Buzzer not turning off - false code?

Hello, this is my first time posting on here and I just got into Arduino so don’t be too harsh on my code. I have a simple problem. I am in the process of making an alarm clock that uses an LCD display, a passive buzzer to make sound and a button to turn it off. I would input the wanted time through serial, but I haven’t gotten to that point yet.
My problem is as follows: Right now the button is used as an on/off switch for the buzzer. When I upload the code, the buzzer is not making a sound (as it should). When I press it, it makes a siren sound(as it should). BUT when I press it again it does not turn off, but makes a monotone sound, kind of quiet but definitely noticeable. Why doesn’t digitalWrite(buzzerPin, LOW); that I call in alarmSound() function turn off my buzzer?
I have tried with analogWrite(buzzerPin, 0) and tone(buzzerPin,0) as well, neither seems to turn off the buzzer. I have also tried using pins 3 and 9, both analog. Could it be that my Arduino is faulty?
I have also checked the buzzer independently, it works fine and will shut off when used alone.
Here is my code.

#include <LiquidCrystal.h>

int buzzerPin = 9;
int buttonPin = 4;
LiquidCrystal lcd (7,6,10,11,12,13);

float sinVal;
int toneVal;

boolean soundOn = false;
boolean alarmSet = false;

void setup() {
  pinMode(buttonPin, INPUT);
  pinMode(buzzerPin, OUTPUT);
  pinMode(5, OUTPUT);
  lcd.begin(16,2); //broj stupaca i redova
  lcd.print("Alarm nije");
  lcd.setCursor(0,1);
  lcd.print("Postavljen");
  analogWrite(5, 150); //kontrast
  Serial.begin(9600);
}

void loop() {
  
  checkButton();
  alarmSound();

}


void alarmSound(){
    for(int x=0;x<360;x++){
      checkButton();   
      if(soundOn == true){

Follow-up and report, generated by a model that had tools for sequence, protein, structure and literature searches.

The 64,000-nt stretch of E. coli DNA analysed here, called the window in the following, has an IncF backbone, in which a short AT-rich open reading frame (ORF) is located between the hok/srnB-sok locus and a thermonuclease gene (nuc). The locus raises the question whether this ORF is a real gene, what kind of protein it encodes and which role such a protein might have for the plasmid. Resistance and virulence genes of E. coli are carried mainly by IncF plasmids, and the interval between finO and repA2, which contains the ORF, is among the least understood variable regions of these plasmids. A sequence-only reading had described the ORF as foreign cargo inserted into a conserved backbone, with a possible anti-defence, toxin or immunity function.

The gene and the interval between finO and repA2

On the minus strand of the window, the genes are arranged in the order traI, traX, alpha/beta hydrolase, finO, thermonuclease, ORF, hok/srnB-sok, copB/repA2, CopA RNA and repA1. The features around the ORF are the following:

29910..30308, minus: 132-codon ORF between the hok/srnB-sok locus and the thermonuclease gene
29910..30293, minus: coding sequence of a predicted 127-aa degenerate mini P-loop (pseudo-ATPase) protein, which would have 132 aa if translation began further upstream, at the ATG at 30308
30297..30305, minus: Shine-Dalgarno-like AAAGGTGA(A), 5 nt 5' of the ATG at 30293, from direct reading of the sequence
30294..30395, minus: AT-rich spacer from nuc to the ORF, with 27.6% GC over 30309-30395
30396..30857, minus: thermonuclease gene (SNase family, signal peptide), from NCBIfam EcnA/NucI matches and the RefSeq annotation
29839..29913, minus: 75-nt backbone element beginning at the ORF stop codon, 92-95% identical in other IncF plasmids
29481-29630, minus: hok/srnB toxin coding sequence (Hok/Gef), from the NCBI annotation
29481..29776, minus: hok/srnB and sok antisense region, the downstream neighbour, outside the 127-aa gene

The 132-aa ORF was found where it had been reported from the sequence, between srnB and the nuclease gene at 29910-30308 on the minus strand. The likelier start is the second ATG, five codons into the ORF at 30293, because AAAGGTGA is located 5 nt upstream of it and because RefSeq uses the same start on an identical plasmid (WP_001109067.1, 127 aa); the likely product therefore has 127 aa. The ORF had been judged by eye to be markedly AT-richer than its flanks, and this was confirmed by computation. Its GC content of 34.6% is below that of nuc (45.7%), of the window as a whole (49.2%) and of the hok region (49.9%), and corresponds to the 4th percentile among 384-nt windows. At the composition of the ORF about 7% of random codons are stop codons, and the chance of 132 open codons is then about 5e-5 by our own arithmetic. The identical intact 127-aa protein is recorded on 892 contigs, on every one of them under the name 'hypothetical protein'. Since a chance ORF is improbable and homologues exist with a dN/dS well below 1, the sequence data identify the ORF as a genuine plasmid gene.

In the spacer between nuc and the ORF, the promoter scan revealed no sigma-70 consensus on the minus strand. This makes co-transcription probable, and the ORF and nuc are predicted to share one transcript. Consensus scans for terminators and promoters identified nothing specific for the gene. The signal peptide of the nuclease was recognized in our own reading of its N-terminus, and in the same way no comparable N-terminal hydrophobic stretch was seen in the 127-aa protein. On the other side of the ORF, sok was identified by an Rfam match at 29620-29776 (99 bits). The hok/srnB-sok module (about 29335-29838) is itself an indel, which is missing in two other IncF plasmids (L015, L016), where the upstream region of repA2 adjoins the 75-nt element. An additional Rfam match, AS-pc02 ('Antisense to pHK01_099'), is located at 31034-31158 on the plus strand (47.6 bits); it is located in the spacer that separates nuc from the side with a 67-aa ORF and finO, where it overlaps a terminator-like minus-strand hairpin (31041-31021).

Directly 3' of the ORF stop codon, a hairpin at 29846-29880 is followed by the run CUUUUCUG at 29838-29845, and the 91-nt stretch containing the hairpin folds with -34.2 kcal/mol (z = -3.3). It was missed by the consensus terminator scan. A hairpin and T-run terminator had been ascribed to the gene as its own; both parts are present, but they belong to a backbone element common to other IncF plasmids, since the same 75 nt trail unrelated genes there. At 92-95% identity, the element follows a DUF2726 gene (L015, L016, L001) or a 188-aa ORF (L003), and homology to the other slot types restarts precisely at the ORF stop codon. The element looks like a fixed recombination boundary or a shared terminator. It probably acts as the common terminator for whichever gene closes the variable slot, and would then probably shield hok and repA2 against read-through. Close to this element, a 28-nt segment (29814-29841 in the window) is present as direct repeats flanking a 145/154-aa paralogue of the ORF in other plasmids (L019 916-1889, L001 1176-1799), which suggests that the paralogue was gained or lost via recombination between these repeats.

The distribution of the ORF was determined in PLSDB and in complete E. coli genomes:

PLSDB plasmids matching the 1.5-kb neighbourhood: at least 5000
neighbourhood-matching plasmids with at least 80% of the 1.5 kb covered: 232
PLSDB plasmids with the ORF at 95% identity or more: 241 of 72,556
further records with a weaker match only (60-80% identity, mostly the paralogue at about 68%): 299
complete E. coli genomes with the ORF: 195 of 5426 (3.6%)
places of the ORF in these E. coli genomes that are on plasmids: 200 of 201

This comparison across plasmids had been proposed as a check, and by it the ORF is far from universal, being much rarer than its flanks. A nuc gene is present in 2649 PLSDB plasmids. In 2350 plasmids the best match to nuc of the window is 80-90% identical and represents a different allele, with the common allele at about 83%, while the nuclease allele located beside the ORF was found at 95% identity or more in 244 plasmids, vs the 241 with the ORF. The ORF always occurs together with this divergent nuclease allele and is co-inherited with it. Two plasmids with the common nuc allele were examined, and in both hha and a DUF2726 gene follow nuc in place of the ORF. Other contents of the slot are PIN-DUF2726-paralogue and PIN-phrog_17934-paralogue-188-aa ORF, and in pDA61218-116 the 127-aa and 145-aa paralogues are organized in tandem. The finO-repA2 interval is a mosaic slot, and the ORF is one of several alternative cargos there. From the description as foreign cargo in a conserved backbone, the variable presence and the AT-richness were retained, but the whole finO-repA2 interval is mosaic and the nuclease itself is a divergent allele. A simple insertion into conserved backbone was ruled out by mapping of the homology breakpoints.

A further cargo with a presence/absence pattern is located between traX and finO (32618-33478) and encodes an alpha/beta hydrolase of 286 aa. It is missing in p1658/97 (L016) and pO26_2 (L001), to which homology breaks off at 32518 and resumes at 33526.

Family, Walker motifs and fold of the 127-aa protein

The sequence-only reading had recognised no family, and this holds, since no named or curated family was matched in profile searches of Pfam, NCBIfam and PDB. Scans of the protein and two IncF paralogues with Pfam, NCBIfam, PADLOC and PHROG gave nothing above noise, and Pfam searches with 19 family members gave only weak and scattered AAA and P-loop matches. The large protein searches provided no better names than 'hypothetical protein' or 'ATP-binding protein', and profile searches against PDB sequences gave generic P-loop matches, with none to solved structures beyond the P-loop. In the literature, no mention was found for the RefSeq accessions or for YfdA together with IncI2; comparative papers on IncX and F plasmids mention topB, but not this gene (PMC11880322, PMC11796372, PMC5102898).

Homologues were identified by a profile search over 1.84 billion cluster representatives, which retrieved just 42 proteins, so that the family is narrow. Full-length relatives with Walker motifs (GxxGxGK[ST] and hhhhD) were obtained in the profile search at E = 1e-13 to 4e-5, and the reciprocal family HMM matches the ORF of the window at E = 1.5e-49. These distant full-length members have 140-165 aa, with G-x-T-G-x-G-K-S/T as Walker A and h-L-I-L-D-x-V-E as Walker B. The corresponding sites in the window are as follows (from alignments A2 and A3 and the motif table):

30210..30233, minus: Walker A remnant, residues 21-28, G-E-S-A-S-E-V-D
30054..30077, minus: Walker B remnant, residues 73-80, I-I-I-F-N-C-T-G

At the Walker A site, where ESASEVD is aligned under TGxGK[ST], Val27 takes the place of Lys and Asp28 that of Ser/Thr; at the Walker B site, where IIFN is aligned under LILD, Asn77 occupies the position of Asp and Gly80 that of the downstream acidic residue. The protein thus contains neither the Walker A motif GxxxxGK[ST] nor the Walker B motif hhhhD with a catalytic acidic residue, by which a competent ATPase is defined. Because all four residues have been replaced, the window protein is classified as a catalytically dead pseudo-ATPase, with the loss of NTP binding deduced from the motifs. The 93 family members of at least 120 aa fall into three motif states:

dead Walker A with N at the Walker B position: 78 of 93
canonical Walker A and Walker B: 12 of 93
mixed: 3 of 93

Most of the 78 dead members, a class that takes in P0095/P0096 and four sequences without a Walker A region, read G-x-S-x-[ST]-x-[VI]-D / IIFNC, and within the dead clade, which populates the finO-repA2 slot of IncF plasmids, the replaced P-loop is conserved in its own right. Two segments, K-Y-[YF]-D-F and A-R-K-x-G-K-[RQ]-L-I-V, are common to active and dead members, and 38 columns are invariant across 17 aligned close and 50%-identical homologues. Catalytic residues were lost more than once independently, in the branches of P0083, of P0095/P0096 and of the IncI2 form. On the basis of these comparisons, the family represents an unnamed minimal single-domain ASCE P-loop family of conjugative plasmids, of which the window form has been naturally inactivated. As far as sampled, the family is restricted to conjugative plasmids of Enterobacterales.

sinVal = sin(x * PI / 180);
      toneVal = 2000 + sinVal*500;
      tone(buzzerPin, toneVal);
      delay(1);
      }
      else{
        digitalWrite(buzzerPin, LOW);
      }
    }   
}

void checkButton(){
  //pritisak gumba - mijenjaj stanje alarma
  // ifovi radi bouncea
  if(digitalRead(buttonPin) == LOW){
  delay(10);
  if(digitalRead(buttonPin) == LOW){
    checkSound();
    while(digitalRead(buttonPin) == LOW){
      delay(10);
    }
  }
 }
}

void checkSound(){
  if(soundOn == true){
    soundOn = false;
    Serial.println("Alarm ugašen! Danas će biti dobar dan.");
  }
  else if(soundOn == false){
    soundOn = true;
    Serial.println("Ide gas!");
  }
}

You are setting buttonpin as input, do you have a pull up resistor? If not that’s your first problem.

See Buttons and other electro-mechanical inputs (introduction) - #2 by PerryBebbington

“A resistor between the input and Vcc is a pull-up resistor.”
Yes, I do.

I think that you call checkButton() too often, from many places. On exit the state of soundOn with a bouncing button is random. What does the Serial Monitor say?

Not where I would start.

What is this buzzer you speak of and how is it wired?

Also you aren’t really using the LCD yet , try commenting out all reference to it and removing it from the circuit until you get the sound thing working.

a7

The serial prints messages to button presses as expected and the sound changes as well, but it does not turn off. I have added ifs that were supposed to remove button bounce and I’m pretty sure that part of code works.

It is a passive buzzer, plus pole is short circuted to Vcc and the minus pole is connected to a collector of a bipolar transistor. The base of the transistor is connected to the buzzerPin, which I use to make the sound. The emitter is connected to ground. I can post pictures if you want.